A Testing Win

In her first HBO appearance against Kali Reis (who also was moving down in weight to challenge Braekhus), the Norway-based Colombian was tested more severely than usual in that Reis scored a knockdown in the seventh and followed up with a strong eighth and ninth before Braekhus rebounded in the 10th. Still, the final numbers favored Braekhus as she was more active (37.7 punches per two-minute round to Reis' 35.7), landed more in each phase (115-78 overall, 38-12 jabs, 77-66 power), connected more accurately (31%-22% overall, 20%-9% jabs, 42%-29% power) and led the CompuBox round-by-round breakdowns 9-1 overall, 9-0-1 jabs and 6-4 power en route to capturing all three judges' scorecards (96-93 twice, 97-92).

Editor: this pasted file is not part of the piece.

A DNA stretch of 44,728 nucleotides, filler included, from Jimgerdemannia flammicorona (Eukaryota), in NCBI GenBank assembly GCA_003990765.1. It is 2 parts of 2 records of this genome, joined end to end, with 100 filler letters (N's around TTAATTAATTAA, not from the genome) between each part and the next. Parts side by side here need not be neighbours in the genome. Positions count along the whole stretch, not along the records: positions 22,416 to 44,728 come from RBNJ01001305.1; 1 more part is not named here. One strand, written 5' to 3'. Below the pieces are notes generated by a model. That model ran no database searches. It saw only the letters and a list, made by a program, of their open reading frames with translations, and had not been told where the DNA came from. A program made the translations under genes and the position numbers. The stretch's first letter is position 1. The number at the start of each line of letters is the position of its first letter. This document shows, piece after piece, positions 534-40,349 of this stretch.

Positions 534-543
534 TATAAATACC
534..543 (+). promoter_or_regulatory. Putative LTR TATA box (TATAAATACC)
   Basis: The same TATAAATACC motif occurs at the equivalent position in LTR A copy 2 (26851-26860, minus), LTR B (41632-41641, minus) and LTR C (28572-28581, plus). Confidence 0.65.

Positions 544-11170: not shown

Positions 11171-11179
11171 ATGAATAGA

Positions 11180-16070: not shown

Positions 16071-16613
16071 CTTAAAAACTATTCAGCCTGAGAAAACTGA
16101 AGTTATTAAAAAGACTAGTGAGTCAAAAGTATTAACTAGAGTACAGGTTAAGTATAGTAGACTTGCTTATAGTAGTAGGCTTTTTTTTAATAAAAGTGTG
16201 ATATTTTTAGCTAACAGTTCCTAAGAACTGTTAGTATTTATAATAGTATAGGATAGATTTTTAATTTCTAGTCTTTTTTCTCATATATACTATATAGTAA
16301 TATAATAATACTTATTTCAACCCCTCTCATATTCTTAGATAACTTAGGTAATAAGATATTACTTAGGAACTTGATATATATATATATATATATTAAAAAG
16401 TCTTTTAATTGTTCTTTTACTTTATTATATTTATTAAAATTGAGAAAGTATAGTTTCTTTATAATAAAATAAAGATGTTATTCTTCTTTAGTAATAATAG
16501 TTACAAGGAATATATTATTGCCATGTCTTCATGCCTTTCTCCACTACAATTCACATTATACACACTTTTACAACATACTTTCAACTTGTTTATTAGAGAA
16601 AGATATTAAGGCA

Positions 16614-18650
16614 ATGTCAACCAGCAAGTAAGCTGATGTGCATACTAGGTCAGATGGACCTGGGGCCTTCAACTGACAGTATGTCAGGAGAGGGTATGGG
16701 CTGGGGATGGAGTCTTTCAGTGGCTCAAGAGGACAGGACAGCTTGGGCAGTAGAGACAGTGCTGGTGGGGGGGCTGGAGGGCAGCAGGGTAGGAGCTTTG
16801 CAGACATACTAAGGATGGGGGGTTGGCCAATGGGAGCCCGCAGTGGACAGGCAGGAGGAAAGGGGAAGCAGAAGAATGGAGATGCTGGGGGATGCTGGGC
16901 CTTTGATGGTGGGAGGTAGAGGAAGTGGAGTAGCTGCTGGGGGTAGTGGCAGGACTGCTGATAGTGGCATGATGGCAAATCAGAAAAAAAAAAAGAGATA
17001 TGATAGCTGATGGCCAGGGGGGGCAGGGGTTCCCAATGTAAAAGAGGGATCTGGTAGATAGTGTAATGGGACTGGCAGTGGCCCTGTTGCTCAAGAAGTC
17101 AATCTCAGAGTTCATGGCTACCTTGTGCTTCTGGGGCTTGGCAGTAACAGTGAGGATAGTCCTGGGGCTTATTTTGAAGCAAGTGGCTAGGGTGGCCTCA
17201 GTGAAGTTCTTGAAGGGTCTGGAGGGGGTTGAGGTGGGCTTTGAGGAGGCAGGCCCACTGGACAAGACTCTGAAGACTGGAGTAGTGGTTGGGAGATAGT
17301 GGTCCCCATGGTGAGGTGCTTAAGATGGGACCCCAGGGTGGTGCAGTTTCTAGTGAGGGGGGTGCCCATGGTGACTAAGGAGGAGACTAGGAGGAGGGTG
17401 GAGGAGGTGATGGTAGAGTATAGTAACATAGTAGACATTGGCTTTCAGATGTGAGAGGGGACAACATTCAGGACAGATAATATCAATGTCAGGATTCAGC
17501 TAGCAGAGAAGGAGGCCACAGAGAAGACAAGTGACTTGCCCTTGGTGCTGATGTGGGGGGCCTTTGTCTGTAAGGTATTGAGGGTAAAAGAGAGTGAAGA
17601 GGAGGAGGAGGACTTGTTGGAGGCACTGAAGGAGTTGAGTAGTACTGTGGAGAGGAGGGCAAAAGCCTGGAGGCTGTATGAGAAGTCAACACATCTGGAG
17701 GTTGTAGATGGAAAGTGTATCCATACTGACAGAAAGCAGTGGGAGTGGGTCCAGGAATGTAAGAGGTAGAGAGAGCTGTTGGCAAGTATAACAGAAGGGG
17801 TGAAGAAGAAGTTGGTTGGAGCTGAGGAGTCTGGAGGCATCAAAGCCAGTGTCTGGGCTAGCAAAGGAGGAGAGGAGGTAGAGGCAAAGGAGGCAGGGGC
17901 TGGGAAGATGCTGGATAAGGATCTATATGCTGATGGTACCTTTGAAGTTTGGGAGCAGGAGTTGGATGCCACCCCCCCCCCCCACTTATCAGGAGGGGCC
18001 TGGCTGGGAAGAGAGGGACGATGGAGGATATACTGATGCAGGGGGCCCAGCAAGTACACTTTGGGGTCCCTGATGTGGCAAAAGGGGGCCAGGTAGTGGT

Including the Reis victory, Braekhus has earned statistical leads over her four CompuBox-tracked opponents in that she has been more active (38 per two-minute round to her foes' 33.8), landed more (11.9 to 6.4 total connects per two-minute round, 4.1 to 1.5 landed jabs per two-minute round and 7.8 to 4.9 power connects per two-minute round) and landed much more frequently (31%-19% overall, 22%-11% jabs, 40%-24% power). But Father Time (and Mother Nature) eventually snares everyone, and one must wonder if that time will come when Braekhus is inside a boxing ring? Yes, the 38-year-old Lopes is 17 months older than Braekhus, but she hopes that her size and relative freshness (25 fights to Braekhus' 34 and 162 rounds to Braekhus' 264) will provide adequate compensation.  

Falling Short